Okay. And with the sale of the affordable portfolio now as well as the older Toledo portfolio, what are your assumptions in terms of CapEx for the year?

Lou Fatica

Well, I think we'll hold to our original guidance with our CapEx of about $600 per unit in recurring CapEx. And then another $200 per unit for what we call investment capital with the roof replacements, exterior painting, and we are also looking at doing a kitchen and bath renovation at our 184-unit property in Columbia, Maryland.

Michael Salinsky – RBC Capital Markets

Okay. In terms of your guidance, the big change I saw was the change in interest expense. What was the driver behind the reduction in interest expense forecast for the full year?

Lou Fatica

Primarily that was just the impact of transactional activity. Our original forecast had assumed acquisitions to happen during the first quarter and they didn't happen until the second quarter. And then lastly, although it's a very small component, our variable rate debt, we've reduced down our expectations in terms of LIBOR and are looking more in the range of 2.75 to 3.25 for the balance of the year for LIBOR rates on our variable rate debt.

Michael Salinsky – RBC Capital Markets

Okay. That's very helpful. Thanks, guys.

Lou Fatica

Thanks, Mike.

Operator

(Operator instructions) Our next question is from Andy McCulloch of Green Street Advisors. Please go ahead.

Andrew McCulloch – Green Street Advisors

Hey, good afternoon. What was the cap rate on the Richmond acquisitions? What were the two cap rates? And also what is the rate on the debt you are assuming?

Lou Fatica

I'll answer the rate on the debt. The blended rate is 5.63%. It's a 30 year FHA debt that we assume. And Patrick can address the cap rates.

Patrick Duffy

The blended cap rate was the 5.6% with Belvedere having a 5.1% cap rate and River Forest having a 5.9% cap rate.

Andrew McCulloch – Green Street Advisors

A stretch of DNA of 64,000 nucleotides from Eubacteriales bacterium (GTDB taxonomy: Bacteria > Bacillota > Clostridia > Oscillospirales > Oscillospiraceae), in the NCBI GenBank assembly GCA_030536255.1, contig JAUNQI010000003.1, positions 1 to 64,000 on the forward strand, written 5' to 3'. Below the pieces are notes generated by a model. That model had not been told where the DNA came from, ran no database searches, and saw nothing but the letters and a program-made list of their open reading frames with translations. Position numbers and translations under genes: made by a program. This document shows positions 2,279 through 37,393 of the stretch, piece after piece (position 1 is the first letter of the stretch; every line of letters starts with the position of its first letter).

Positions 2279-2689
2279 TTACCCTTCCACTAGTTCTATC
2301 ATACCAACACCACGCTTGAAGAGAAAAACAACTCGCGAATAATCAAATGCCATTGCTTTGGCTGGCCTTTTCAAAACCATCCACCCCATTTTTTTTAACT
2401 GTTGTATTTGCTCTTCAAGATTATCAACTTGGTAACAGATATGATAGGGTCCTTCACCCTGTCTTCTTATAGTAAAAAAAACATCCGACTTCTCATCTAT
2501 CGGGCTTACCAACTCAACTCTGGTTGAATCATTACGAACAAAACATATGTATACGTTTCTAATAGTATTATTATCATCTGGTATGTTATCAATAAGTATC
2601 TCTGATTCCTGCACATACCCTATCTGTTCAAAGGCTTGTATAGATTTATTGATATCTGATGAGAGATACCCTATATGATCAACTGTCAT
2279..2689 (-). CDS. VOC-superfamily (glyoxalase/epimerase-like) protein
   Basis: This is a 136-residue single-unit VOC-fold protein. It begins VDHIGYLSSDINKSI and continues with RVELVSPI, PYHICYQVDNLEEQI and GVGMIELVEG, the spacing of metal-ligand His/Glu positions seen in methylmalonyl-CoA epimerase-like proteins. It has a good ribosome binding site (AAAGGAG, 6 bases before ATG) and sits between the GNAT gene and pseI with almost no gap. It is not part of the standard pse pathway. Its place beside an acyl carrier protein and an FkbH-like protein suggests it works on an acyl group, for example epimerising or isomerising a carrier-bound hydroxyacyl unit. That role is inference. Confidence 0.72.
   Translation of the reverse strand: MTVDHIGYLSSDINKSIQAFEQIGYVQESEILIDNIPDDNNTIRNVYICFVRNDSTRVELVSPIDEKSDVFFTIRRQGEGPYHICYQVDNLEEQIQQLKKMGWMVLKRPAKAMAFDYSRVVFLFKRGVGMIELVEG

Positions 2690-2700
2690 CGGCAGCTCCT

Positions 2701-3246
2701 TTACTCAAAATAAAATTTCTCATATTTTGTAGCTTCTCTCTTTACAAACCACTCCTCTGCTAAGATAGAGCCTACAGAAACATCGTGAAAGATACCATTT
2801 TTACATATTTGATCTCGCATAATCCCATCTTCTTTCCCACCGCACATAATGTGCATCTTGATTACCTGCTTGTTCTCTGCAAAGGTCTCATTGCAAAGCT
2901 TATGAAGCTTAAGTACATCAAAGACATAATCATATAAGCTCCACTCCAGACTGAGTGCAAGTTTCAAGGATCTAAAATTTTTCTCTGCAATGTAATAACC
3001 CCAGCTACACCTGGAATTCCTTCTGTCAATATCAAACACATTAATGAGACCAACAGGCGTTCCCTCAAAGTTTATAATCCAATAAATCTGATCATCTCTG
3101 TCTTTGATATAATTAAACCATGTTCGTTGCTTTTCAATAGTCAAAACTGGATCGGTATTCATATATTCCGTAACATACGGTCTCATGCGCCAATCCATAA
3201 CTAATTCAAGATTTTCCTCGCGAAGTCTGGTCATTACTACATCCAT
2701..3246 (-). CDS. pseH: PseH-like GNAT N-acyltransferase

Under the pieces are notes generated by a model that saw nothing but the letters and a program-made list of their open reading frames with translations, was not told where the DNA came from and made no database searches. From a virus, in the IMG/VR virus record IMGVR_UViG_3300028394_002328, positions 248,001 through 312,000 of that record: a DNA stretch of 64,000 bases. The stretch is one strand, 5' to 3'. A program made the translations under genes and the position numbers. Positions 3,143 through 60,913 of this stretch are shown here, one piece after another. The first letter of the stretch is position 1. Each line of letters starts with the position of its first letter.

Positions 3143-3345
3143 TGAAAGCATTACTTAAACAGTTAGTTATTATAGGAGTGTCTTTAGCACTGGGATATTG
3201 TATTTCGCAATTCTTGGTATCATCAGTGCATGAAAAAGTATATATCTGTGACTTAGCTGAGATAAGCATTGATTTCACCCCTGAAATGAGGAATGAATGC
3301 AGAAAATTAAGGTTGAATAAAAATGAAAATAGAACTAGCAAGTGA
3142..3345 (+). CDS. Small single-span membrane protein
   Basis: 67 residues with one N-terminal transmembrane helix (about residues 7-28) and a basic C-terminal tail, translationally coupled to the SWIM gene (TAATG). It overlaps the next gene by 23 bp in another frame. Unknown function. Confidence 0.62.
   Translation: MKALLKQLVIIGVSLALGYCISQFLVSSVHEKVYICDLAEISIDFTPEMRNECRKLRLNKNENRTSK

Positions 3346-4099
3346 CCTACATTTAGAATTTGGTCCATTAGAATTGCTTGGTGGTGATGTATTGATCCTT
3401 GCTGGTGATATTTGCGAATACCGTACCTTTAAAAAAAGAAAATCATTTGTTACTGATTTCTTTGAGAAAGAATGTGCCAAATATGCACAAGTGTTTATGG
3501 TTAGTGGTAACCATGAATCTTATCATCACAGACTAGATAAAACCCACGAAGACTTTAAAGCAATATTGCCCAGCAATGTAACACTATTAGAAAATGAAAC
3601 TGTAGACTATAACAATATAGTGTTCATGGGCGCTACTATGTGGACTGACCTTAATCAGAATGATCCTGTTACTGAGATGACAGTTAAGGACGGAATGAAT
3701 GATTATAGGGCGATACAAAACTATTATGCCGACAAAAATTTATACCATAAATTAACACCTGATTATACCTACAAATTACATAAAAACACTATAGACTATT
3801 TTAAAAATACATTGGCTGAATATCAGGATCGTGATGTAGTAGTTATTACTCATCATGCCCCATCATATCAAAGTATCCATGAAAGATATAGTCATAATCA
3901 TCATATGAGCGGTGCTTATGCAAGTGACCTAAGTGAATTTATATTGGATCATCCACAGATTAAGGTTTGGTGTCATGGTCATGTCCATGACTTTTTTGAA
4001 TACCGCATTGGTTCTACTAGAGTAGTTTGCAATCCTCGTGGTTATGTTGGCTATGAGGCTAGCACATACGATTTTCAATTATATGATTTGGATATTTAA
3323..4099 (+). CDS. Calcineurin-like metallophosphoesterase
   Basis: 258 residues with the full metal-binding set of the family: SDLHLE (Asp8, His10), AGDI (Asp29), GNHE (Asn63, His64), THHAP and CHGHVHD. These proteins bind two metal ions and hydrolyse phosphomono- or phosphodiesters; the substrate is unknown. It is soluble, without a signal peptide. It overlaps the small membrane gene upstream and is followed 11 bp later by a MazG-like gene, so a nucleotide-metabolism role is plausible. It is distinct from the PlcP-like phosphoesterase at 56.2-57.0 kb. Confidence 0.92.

Great, thanks. And then just on your guidance, Lou, can you just walk us through this again? It looks like your interest expense is down by $1.4 million, and your G&A is up about $300,000. That's $1.1 million delta, which is about $0.07 a share. Could you just walk us through that how that translates into your FFO guidance?

Lou Fatica

Sure, I mean, that's really just the function of the transactional activities and really the expectation of when property sales happen and the dilution from any NOI. So when we take a look at that, and I don't have the specifics in terms of the actual components of that NOI breakout, but the $300,000 G&A increase is really a function of what happened to our share price during the first quarter. We have projected an impact of about $150,000 related to share price appreciation, it was double that, and we just kind of annualized that for the year. And in terms of the interest expense, as I mentioned, it was really a function of transactional activity and the expectations of when property acquisitions would occur. So Richmond happened later than what we had projected and our remaining acquisition has been pushed back later into the year as well.

Andrew McCulloch – Green Street Advisors

Okay, thanks.

Jeff Friedman

Let's make sure, Andy, this is Jeff.

Andy McCulloch – Green Street Advisors

I can follow-up offline with you guys.

Jeff Friedman

What's that?

Lou Fatica

I'll follow-up with you, Andy, and go through that.

Andy McCulloch – Green Street Advisors

Okay, great.

Lou Fatica

Okay.

Jeff Friedman

I think the other part was the loss of NOI from the sale if properties. So if that was $0.07 then the other $0.03 or $0.04 making up the difference between the $0.04 of additional guidance was in the loss of NOI from the properties we sold.

Andy McCulloch – Green Street Advisors

Okay. That makes sense. Great, that's it from me. Thanks, guys.

Jeff Friedman

Thank you, Andy.

Operator

(Operator instructions)

Jeff Friedman

Okay, Lynia, it looks like we answered everybody's questions. I want to thank everyone for participating today. And that will conclude our call. Thanks very much.

Operator

Thank you for participating in today's conference. You may now disconnect your line.